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Downhill walking shouldn’t be underestimated – here’s why

Many of you, our H&W readers, will know that we’ve been banging the walking drum for a while now. After all, it has the power to lower the risk of depression and heart disease, while simultaneously boosting memory and alertness. Walking on an incline has also been put on a pedestal as a great form of exercise to increase your stamina and endurance, leading to a healthier body composition overall. But what about going the other direction? Here, the experts reveal just how downhill walking could be the missing link to your daily steps...


“Walking downhill is perfect for anybody wanting to build muscle, while avoiding high-intensity forms of exercise,” says Megan Mason, personal trainer and ambassador for WithU ( In fact, in Megan’s opinion, you can actually get a better workout through walking downhill as opposed to walking uphill, due to the reactions your body performs in eccentric contractions (we’ll explain later on). If you think about walking down a hill at quite a quick pace for example, you could break into a run fairly easily, so your leg muscles are recruited to prevent you from falling forward.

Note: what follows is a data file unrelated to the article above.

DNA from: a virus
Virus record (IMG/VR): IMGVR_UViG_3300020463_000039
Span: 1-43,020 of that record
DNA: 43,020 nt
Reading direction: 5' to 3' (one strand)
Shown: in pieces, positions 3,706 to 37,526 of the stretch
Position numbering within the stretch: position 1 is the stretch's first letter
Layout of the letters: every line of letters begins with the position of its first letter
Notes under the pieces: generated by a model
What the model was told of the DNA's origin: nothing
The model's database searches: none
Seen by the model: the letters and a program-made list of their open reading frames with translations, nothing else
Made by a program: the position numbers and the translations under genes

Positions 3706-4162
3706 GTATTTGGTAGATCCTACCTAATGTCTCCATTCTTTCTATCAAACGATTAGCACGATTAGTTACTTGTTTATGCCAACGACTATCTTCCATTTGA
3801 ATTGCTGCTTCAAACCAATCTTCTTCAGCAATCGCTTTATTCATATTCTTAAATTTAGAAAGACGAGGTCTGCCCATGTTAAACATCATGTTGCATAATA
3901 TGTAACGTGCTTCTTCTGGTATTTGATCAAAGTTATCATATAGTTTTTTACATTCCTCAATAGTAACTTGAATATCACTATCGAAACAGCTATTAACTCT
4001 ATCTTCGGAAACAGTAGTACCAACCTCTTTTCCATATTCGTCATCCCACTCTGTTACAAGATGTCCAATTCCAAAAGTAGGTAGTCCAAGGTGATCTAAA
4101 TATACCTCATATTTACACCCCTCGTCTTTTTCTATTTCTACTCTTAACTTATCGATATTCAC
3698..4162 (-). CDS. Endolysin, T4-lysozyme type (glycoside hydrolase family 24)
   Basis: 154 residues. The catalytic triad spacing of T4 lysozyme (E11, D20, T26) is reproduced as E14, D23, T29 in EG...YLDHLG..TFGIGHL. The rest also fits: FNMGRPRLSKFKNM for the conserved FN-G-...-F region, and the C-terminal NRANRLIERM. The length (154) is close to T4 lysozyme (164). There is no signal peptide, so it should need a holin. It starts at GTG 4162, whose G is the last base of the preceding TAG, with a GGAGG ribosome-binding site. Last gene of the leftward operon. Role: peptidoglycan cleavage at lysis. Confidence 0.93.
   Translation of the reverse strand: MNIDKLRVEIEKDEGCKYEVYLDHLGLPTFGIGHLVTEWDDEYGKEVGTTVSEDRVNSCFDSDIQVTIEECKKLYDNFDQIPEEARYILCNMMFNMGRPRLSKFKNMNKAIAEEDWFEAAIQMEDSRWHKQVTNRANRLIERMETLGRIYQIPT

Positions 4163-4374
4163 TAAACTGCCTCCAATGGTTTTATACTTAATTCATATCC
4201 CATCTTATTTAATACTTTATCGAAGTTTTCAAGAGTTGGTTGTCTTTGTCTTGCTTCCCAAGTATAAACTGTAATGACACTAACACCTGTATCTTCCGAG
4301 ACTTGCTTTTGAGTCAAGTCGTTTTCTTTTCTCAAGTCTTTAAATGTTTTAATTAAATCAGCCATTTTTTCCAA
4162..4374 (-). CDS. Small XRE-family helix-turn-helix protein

So downhill walking requires a lot of muscles and can even give your body the opportunity to utilise different muscles to those used walking up a hill or strolling on even ground, says personal trainer and director of Ashford Fitness Consultancy, Chris Ashford (ashfordfitnessconsultancy. com). “The physical skill and techniques used in downhill walking can actually strengthen joints and connective tissue, improve hip mobility and develop the hamstrings and calves,” he adds.


As well as your hamstrings and calves, your quadriceps and core muscles are all involved in downhill walking and other benefits include increased bone density and improved cardiovascular fitness. This is a win-win, but one potential pitfall with walking downhill is the added forces to your bones and joints causing pain and discomfort if you’re not aware of the correct technique.

Downhill walking is eccentric exercise (the opposite to walking uphill) so the muscles shorten during contraction, explains John Daly, a specialist musculoskeletal physiotherapist at Pure Sports Medicine ( “This places more stress on your muscles and connective tissues, as they go against their natural desire to contract as they shorten,” he says.

“Eccentric exercise is known to produce more delayed-onset muscle soreness, so when you aren’t accustomed to certain activities, this can translate as

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